Men who father a child during a sexual assault would lose all parental rights but could still be ordered to pay child support under a bill introduced Monday by a Nebraska lawmaker
LINCOLN, Neb. (AP) - Men who father a child during a sexual assault would lose all parental rights but could still be ordered to pay child support under a bill introduced Monday by a Nebraska lawmaker.
State Sen. Bill Avery of Lincoln proposed legislation that would allow the man to keep his parental rights only if the mother gives her consent and a judge deems it is in the child's best interest.
The bill would strip parental rights from the biological father once he is convicted of first-degree sexual assault. It would require county attorneys to file a petition to terminate the rights after a conviction, which itself would suffice as evidence that a father's rights should be terminated.
Judges would also have the option to order that the father pay child support, unless they determined that doing so ran contrary to the child's interests. The measure would require judges to put the father's request for custody rights on hold during criminal proceedings, and would allow the paternity action to proceed if the father was found not guilty.
Avery introduced the measure after learning about the case of an Illinois woman who was raped in 2004, during her senior year of college. The man accused of sexually assaulting her later unsuccessfully tried to gain custody of the child. The man was never convicted, but served his accuser with custody papers while she pursued charges against him.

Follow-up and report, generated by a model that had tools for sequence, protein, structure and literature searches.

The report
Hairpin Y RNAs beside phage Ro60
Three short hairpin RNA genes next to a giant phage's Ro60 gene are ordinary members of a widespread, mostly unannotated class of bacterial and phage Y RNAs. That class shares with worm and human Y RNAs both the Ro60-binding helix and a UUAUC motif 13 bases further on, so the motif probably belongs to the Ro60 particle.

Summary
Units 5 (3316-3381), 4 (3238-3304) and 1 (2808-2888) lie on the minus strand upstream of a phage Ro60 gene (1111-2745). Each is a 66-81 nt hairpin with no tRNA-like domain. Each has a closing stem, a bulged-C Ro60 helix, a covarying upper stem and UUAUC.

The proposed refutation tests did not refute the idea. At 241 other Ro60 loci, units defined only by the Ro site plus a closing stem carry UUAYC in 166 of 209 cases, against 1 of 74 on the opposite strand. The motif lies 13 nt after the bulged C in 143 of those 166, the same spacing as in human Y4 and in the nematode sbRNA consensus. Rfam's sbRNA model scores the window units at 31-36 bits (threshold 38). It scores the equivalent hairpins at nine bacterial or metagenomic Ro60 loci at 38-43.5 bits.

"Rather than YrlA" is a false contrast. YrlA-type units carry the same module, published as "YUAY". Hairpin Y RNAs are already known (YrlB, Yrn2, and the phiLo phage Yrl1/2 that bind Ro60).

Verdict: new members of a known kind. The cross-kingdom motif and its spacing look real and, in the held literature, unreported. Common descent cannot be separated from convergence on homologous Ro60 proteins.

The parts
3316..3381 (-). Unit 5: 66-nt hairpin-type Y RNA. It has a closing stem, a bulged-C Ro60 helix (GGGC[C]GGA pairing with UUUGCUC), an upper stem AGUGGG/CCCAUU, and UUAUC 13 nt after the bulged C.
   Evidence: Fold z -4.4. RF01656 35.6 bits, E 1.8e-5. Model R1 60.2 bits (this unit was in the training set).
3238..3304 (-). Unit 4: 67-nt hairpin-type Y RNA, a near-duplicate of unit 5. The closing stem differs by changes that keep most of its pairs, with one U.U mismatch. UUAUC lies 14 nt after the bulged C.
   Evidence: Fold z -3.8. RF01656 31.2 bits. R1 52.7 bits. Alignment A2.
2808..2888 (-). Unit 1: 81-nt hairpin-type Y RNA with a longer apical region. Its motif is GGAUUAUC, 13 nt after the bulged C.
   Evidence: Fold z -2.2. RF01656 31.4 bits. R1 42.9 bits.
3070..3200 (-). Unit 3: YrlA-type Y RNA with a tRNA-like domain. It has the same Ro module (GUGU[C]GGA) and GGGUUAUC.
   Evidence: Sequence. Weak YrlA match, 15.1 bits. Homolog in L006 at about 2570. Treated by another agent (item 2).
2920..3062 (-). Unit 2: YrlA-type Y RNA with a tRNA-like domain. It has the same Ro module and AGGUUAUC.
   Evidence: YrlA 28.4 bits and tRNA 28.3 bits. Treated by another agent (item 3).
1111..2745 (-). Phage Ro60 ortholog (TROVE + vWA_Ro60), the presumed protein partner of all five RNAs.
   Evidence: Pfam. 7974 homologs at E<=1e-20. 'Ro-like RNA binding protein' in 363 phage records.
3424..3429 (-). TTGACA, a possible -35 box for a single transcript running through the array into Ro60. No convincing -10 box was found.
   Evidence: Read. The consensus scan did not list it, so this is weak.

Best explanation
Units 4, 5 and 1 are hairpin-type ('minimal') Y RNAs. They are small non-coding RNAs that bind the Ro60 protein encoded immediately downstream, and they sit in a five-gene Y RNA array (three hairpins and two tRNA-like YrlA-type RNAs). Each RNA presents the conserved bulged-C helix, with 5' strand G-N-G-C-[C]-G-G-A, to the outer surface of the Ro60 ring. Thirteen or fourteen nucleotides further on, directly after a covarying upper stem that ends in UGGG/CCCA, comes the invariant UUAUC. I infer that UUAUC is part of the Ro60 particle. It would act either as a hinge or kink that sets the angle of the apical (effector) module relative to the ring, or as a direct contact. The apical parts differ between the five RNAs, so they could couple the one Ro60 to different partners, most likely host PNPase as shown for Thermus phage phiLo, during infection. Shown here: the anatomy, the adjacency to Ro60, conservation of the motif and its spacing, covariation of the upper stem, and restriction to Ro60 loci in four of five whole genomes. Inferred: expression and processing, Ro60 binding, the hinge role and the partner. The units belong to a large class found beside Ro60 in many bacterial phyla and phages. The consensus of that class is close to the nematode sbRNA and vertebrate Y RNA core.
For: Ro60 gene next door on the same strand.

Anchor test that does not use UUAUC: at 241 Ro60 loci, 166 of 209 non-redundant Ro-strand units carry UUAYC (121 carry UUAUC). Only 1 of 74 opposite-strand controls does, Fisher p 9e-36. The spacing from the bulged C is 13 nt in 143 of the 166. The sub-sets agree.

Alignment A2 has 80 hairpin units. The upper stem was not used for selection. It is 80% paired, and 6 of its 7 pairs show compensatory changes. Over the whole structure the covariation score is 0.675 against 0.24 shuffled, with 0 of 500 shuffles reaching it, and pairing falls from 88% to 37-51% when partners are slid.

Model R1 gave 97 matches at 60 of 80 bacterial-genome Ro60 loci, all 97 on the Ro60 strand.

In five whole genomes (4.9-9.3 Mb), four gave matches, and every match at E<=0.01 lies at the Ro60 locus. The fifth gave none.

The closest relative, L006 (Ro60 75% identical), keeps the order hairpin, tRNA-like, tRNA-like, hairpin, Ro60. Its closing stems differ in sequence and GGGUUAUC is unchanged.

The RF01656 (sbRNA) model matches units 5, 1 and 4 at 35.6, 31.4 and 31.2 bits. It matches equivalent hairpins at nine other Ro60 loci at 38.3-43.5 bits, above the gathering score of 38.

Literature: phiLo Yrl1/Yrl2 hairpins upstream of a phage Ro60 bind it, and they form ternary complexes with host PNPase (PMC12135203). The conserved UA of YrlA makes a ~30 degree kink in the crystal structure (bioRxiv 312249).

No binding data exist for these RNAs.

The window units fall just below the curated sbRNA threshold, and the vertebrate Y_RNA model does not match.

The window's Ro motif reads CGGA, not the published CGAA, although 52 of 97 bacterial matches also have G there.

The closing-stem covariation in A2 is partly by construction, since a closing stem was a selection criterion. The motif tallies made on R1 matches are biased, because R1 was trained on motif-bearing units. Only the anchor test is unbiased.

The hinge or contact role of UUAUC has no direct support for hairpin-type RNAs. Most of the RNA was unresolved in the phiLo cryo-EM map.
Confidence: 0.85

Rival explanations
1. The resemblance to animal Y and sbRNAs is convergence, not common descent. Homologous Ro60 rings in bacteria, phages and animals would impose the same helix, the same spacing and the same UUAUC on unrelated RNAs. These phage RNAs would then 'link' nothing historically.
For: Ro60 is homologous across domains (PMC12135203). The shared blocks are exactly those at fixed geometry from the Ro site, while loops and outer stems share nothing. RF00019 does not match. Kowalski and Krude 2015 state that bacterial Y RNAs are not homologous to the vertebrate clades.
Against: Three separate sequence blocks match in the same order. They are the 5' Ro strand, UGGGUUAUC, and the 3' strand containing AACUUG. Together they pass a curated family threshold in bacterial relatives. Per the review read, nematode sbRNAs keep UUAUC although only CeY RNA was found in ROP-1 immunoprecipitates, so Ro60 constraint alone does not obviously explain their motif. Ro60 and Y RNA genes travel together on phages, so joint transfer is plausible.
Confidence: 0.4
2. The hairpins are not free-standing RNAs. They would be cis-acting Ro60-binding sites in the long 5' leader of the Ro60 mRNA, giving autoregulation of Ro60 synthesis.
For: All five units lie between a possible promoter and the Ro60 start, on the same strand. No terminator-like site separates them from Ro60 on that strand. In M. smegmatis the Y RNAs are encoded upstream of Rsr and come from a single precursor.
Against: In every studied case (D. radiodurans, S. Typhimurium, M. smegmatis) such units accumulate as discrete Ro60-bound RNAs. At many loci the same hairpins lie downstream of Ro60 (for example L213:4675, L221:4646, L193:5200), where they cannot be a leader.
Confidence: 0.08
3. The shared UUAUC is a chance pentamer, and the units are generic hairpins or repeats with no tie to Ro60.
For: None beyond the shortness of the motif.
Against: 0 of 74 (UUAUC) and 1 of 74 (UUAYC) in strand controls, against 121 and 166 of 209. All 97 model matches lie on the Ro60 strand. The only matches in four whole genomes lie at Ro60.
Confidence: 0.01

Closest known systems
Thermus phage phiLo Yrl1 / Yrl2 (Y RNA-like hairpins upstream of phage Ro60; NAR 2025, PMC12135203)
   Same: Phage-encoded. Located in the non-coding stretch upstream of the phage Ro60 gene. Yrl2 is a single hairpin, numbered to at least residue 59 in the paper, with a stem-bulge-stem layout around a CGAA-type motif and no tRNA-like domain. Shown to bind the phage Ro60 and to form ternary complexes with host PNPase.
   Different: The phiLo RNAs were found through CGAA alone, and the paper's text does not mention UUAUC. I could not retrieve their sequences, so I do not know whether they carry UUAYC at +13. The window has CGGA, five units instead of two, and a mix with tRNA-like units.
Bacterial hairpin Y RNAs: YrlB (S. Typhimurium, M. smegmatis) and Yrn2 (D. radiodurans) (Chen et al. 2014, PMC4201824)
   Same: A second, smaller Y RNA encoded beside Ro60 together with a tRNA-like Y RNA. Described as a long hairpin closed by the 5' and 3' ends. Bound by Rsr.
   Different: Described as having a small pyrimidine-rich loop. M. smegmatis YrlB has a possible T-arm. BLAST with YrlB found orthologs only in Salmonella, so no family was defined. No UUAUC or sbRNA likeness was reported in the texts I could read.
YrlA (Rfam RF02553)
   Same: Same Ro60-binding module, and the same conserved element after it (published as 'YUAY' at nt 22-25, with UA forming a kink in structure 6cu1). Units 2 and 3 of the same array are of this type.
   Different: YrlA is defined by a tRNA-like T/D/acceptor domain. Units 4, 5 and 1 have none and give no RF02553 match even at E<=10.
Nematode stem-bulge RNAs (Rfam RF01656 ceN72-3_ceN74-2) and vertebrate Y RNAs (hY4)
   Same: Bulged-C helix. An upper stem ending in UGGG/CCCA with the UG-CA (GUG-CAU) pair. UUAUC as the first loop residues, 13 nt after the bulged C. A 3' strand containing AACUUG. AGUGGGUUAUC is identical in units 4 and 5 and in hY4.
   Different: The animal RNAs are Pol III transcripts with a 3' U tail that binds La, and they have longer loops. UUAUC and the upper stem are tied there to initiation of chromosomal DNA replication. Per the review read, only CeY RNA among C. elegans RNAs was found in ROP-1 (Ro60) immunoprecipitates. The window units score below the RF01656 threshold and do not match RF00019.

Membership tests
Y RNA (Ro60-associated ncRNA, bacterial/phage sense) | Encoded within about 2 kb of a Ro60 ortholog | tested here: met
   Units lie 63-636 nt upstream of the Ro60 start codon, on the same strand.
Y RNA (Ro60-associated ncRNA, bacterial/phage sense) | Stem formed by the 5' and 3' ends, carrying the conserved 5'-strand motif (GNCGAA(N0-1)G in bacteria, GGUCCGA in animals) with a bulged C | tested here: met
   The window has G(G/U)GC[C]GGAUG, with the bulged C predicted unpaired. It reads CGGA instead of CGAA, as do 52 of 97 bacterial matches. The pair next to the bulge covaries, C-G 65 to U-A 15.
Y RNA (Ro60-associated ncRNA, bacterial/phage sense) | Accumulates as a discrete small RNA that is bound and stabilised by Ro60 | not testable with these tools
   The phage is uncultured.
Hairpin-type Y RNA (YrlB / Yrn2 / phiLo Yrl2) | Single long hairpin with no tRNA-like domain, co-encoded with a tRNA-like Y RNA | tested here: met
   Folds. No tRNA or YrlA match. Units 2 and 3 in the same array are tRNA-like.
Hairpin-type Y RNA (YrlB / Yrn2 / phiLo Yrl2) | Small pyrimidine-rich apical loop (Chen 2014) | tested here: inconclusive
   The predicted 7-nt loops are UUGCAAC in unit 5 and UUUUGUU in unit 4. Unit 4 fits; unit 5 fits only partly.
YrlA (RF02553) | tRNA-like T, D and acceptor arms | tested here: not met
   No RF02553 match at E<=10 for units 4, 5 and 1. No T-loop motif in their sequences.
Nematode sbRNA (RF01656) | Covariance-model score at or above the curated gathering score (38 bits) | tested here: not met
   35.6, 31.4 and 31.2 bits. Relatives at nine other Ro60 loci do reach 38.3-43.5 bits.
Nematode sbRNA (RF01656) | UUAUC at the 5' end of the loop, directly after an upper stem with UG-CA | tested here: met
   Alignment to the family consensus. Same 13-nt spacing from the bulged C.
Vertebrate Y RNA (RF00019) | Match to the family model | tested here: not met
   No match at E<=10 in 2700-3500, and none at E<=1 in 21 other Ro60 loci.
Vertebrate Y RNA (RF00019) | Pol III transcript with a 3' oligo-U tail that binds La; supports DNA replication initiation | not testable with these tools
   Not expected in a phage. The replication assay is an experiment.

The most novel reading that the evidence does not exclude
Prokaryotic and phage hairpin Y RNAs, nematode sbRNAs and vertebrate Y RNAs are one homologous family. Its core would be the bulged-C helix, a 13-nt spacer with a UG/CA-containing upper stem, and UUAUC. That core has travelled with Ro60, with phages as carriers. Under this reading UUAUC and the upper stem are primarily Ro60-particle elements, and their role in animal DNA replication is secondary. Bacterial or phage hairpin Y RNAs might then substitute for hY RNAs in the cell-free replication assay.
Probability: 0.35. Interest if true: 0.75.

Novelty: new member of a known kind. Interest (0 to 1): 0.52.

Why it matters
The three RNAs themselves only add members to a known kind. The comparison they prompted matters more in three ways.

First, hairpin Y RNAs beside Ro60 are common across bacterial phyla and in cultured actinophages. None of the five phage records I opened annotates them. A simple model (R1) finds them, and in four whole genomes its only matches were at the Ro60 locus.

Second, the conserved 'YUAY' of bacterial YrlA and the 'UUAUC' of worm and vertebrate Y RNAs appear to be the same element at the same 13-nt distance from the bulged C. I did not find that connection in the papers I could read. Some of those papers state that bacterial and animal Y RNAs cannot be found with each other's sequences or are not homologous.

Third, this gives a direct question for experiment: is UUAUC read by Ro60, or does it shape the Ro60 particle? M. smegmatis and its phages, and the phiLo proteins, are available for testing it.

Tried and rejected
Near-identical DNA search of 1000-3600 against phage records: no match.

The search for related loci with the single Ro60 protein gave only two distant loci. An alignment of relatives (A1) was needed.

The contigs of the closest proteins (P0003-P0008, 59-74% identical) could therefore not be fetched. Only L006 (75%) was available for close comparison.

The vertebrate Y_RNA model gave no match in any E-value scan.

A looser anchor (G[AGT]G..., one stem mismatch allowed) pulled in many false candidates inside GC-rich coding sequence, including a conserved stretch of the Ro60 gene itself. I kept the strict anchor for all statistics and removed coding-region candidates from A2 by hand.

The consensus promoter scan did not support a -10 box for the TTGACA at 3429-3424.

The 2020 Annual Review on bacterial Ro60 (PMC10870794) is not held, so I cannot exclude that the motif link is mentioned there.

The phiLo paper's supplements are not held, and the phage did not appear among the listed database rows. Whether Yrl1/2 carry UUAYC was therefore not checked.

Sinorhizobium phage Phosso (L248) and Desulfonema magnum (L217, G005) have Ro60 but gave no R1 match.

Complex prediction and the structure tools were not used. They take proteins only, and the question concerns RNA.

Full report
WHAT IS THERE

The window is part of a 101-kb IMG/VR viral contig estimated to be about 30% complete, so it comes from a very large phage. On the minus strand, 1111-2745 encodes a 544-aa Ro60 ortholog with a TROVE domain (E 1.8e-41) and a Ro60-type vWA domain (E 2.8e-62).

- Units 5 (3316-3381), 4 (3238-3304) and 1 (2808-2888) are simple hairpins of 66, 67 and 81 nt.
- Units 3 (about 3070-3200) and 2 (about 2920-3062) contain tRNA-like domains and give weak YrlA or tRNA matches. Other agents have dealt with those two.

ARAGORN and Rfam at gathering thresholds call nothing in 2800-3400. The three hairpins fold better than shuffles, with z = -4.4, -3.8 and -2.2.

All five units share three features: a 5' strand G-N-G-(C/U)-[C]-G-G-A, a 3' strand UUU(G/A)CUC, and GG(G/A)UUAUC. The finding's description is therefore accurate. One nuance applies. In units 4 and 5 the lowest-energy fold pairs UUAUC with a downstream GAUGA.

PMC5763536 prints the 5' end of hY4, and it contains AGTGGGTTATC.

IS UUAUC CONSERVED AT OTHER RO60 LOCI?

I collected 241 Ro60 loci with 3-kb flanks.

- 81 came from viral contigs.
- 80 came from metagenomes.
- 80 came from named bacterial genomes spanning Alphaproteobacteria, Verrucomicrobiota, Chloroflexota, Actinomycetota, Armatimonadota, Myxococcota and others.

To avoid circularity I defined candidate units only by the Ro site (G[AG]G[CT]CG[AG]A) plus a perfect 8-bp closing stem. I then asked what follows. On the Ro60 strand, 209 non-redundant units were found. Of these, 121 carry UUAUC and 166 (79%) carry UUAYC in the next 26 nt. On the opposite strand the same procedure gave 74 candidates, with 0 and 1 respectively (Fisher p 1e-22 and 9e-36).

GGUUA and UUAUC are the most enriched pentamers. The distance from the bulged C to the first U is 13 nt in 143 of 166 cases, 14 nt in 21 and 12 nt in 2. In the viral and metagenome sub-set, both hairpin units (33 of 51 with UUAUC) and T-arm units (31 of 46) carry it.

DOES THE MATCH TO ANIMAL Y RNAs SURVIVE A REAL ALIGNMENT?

Avery said he's unaware of any such cases in Nebraska, but is introducing the bill as a pre-emptive measure.
"This was so egregious, and such an insult to the mother and child, that it seemed this kind of pre-emptive legislation wouldn't be a bad idea," Avery said Monday.
Avery said 31 other states don't have laws preventing a rapist from seeking custody of a child who was conceived during the sexual assault.
The bill will move to the Legislature's Judiciary Committee for review.
Lawmakers have introduced 193 bills as of Monday, the third day in which they're allowed to present new measures.
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